Parents get anxious when their children have head lice—the bugs are creepy. For centuries, head lice have been associated with (incorrectly, we might add) poor hygiene, embarrassing parents and heightening the anxiety.
It’s been pointed out many times that head lice pose no real health threat to humans. Yes, the scalp itches, and yes, treating head lice can be frustrating, but as the U.S. Centers for Disease Control and Prevention says: “Head lice should not be considered as a medical or public health hazard. Head lice are not known to spread disease. Head lice can be an annoyance because their presence may cause itching and loss of sleep. Sometimes the itching can lead to excessive scratching that can sometimes increase the chance of a secondary skin infection.”
So, the most physical damage head lice can cause to a child is a secondary skin infection, and this is relatively rare.
But that’s not the end of the story. There are health risks associated with head lice, but not from what you might think.
Is the Cure Worse than the Problem?
According to pest control experts at IdentifyUS, “The greatest harm associated with head lice results from the well-intentioned but misguided use of caustic or toxic substances to eliminate the lice.”
In other words, the retail products and home remedies for head lice can cause more health problems than the lice alone might cause. A 2017 study in the Occupational and Environmental Medicine reports that “exposure to certain pyrethroids, at environmental levels, may negatively affect neurobehavioral development by 6 years of age.”
Pyrethroids are the chemicals used in over-the-counter lice products. A 2015 study in Environmental Health found that, “Pyrethroid pesticides cause abnormalities in the dopamine system and produce an ADHD phenotype in animal models, with effects accentuated in males versus females. However, data regarding behavioral effects of pyrethroid exposure in children is limited.”
Then there are home remedies—mayonnaise, petroleum jelly, even kerosene—recommended by well-meaning parents as fool-proof lice treatments. The idea is to smother the lice with some gooey substance that will suffocate them. Unfortunately, these “cures” usually involve wrapping a child’s head in plastic overnight to keep the substance in place. This practice has had tragic results.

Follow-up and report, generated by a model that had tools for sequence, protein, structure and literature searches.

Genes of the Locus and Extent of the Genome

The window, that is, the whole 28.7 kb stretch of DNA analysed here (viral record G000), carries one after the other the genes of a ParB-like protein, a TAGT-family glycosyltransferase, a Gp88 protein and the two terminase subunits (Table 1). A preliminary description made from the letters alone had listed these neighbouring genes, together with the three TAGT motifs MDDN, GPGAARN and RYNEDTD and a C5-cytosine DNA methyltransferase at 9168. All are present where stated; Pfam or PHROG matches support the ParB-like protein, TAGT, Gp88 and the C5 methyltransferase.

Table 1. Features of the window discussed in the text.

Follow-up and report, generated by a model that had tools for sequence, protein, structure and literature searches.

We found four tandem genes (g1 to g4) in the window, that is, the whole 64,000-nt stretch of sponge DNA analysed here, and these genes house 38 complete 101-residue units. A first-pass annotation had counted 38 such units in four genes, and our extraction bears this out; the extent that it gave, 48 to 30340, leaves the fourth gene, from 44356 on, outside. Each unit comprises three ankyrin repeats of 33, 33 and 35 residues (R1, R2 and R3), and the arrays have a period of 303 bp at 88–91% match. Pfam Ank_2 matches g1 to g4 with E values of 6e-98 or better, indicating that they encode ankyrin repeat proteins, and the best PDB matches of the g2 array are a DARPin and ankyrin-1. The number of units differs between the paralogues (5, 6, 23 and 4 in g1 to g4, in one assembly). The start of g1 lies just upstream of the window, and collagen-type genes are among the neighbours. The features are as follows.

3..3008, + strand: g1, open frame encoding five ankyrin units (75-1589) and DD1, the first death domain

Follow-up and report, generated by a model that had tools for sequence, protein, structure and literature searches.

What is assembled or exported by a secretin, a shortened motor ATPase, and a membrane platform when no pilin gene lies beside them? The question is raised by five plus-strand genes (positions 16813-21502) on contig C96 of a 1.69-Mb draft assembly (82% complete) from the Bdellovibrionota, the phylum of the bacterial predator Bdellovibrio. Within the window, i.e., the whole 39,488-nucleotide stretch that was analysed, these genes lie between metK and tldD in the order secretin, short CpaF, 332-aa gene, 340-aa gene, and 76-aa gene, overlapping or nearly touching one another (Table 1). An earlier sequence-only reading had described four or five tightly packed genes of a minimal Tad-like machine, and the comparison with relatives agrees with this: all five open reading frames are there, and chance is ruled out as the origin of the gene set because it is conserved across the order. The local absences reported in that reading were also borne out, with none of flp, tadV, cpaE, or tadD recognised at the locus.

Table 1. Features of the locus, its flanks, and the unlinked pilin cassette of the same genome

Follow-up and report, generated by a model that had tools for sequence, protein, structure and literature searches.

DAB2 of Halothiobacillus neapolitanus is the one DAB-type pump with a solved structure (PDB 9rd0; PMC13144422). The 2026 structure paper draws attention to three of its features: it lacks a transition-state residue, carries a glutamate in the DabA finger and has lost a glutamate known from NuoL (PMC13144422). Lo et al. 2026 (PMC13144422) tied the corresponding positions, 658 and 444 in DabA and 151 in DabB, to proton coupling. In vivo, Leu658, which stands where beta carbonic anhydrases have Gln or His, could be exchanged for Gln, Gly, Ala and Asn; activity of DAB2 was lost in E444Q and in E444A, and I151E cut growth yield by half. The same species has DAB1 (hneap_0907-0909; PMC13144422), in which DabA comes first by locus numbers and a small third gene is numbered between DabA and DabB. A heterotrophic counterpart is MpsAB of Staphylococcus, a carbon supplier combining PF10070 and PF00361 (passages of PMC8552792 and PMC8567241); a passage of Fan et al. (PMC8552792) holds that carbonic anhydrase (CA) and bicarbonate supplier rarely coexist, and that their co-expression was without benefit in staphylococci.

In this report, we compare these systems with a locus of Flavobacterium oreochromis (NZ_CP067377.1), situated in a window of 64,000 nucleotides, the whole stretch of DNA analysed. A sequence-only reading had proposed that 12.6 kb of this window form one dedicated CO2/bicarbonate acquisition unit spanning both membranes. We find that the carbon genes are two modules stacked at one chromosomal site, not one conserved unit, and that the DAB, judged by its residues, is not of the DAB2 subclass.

A New Approach
It doesn’t have to be this way. A relatively new lice treatment removes lice quickly and effectively without the risks of pesticides and home treatments. It’s called the AirAllé device, and it’s a Class I medical device cleared by the FDA as a safe and effective cure for head lice.
The AirAllé device uses microprocessor-controlled warm air, applied by trained technicians to dehydrate live lice and eggs in a matter of minutes. It has been clinically proven to kill lice and more than 99 percent of eggs.
Treatment using the AirAllé medical device is available exclusively at Lice Clinics of America treatment centers. With more than 150 clinics in the U.S. and another 100 in 20 other countries, Lice Clinics of America is the largest and fastest-growing network of lice treatment centers in the world. Treatment using the AirAllé device takes about 60 to 90 minutes, and is guaranteed to be effective.
To learn more or to find a clinic, visit www.liceclinicsofamerica.com.
An article in the Daily Mail found that 8 percent of UK parents had tried to use Vodka to cure their children of head lice. Surprised? You shouldn’t be. People have tried all kinds of kooky, sometimes dangerous methods for lice removal.
Why? Because they are desperate.
“The mothers are at their NITS end!” The article says. “As head lice become more resistant than ever, parents reveal they’ve tried mayonnaise and even VODKA to banish the bugs.”
As the article mentions, head lice are becoming harder and harder to defeat. “Scientists have warned that lice are becoming increasingly resistant to products – leaving parents with fewer options than ever.”
That’s true. Traditional head lice treatment products are nearly completely ineffective as most lice are now resistant to the chemicals they use. The most recent research found that 98 percent of lice in 48 states in the U.S. are immune to pyrethroids, the class of insecticide used in traditional lice products.
Parents turn to the Internet for lice treatment advice and find recommendations for everything from mayonnaise (which the U.S. Centers for Disease Control and Prevention says is unproven) to kerosene. You can also find recipes for petroleum jelly, olive oil, and peanut butter.
But You Don’t Have To